Book Review: THE BONE HOUSES by Emily Lloyd-Jones

Kind of like a zombie apocalypse but not really.

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SYNOPSIS

Seventeen-year-old Aderyn (“Ryn”) only cares about two things: her family, and her family’s graveyard. And right now, both are in dire straits. Since the death of their parents, Ryn and her siblings have been scraping together a meager existence as gravediggers in the remote village of Colbren, which sits at the foot of a harsh and deadly mountain range that was once home to the fae. The problem with being a gravedigger in Colbren, though, is that the dead don’t always stay dead.

The risen corpses are known as “bone houses,” and legend says that they’re the result of a decades-old curse. When Ellis, an apprentice mapmaker with a mysterious past, arrives in town, the bone houses attack with new ferocity. What is it that draws them near? And more importantly, how can they be stopped for good?

Together, Ellis and Ryn embark on a journey that will take them deep into the heart of the mountains, where they will have to face both the curse and the long-hidden truths about themselves.

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Title: The Bone Houses

Author: Emily Lloyd-Jones

Publication: September 24, 2019 by Little, Brown Books for Young Readers

Genre: Fantasy, Horror, Historical Fiction

Target audience: Young Adult

Book Depository | Amazon US | Amazon UK | Amazon DE

Disclaimer: I received a free copy of this book in return for an honest review.

As an Amazon Associate I earn from qualifying purchases.


Rating: 🌵🌵🌵

The Bone Houses was a nice read that I went through much faster than I usually do when it’s an ebook.

While I didn’t really care about the characters themselves (they were rather one-dimensional), the plot was what kept me hooked. It was fast-paced and a perfect combination of action and emotions.

She knew how things died. And in her darkest moments, she feared she did not know how to live.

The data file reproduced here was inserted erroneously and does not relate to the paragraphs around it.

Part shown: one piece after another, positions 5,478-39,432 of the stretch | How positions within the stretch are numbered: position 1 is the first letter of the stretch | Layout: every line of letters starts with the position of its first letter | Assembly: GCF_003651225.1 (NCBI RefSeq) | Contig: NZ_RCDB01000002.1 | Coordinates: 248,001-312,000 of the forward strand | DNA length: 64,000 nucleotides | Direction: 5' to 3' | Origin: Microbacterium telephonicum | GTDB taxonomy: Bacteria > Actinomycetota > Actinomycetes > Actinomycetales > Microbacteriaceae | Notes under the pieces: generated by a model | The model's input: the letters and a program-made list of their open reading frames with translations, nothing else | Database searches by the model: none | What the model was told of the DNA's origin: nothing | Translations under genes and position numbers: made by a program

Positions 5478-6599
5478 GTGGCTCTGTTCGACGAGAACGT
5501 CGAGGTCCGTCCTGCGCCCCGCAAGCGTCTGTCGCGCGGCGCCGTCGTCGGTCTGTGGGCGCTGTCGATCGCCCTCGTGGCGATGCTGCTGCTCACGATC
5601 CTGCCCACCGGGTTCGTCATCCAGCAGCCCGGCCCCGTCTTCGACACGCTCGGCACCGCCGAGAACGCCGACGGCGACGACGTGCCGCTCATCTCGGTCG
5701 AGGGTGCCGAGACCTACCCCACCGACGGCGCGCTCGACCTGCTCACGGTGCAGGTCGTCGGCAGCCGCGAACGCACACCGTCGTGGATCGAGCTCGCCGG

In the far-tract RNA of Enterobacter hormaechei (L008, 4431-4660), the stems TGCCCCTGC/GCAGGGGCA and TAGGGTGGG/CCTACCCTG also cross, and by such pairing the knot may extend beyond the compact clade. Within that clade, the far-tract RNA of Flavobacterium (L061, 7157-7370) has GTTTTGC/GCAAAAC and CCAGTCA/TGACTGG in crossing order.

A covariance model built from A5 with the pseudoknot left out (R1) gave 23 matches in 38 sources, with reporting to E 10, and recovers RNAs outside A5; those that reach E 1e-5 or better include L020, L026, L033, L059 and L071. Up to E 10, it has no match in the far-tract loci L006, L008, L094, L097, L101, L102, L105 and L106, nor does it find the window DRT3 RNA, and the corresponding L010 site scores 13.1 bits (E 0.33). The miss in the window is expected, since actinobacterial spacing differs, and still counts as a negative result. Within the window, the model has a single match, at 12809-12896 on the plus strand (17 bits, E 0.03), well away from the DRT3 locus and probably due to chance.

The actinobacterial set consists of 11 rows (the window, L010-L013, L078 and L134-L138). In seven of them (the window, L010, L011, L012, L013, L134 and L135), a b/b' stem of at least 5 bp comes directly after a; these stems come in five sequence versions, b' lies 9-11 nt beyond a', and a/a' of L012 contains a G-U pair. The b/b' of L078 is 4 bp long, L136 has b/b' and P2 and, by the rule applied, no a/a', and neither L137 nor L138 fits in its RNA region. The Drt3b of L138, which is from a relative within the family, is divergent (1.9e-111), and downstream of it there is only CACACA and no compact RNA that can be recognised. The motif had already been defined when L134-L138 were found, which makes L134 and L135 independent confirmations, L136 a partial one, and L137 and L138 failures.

And of course, being a sucker for mythology and everything fairy-tale-like, I loved the whole atmosphere of the book and the folklore elements.

The forest did not scare her; rather, she wanted to be like it: ageless and impervious, cruel and beautiful.

Death could not touch it.

Going into a book, I’m always scared of the romance. A good romance can bring so much to the novel, a bad romance can completely ruin it.

“You’re lost,” she said.

“I am not.”

“You’re a mapmaker who cannot find a village.”

Thankfully, I really enjoyed this romance. It wasn’t love at first sight but rather slow-burn and I’ll take that over sparks-flying-at-the-very-first-touch every day, thank you very much.

And really, this book isn’t that heavy on the romance. It’s more like a little extra on the side. In The Bone Houses, the spotlight belongs fully to the family dynamics and boy, do I love that.

There was something about siblings – a language that was half memory and half glance. Jests and jibes.

A little predictable, a little forgettable maybe, but an enjoyable atmospheric read (that’s so quotable like damn, I have so many more quotes I want to include in this review).

And perhaps this was the truth about the dead. You went on. They’d want you to.

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